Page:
Patients with severe intestinal infections usually receive a two-week treatment, but this often fails. Twenty percent are not cured and 10% die from the infection.
Now researchers in Leeds and York are testing a month-long course of antibiotics to see if it’s more effective at clearing up the infection.
The trial is co-led by Dr Andrew Kirby, Associate Professor at the University of Leeds Medical School and consultant in microbiology, and Dermot Burke, Associate Professor of Surgery at Leeds Medical School.
Dr Kirby said: “There may be an aversion to prescribing longer antibiotic courses due to the risk of antimicrobial drug resistance. But these infections are extremely serious and current treatments do not work for a large proportion of patients.
Serious infections occur when the intestine is damaged, usually by surgery or bowel disease, causing bacteria to leak from the intestine into the surrounding cavity.
The resulting infections are a leading cause of sepsis in intensive care unit patients. Sepsis kills more people in the UK than breast, bowel and prostate cancer combined.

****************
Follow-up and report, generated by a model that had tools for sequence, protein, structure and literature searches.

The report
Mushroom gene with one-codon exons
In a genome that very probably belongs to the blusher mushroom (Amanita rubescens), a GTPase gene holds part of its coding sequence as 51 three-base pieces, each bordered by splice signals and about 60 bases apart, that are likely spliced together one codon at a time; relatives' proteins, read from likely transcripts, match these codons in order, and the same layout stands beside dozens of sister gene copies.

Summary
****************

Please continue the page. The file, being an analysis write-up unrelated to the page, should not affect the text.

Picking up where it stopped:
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Also, there are indications that four days of antibiotics may be sufficient.
Researchers now want to establish whether a 28-day course of antibiotics can cure these infections more effectively than a doctor deciding when to stop the course.
The trial is funded by the National Institute for Health and Care Research (NIHR).
Mr Burke said: ‘Intra-abdominal infections make patients miserable, tired and keep them in hospital for long periods of time. Improved treatment methods are badly needed.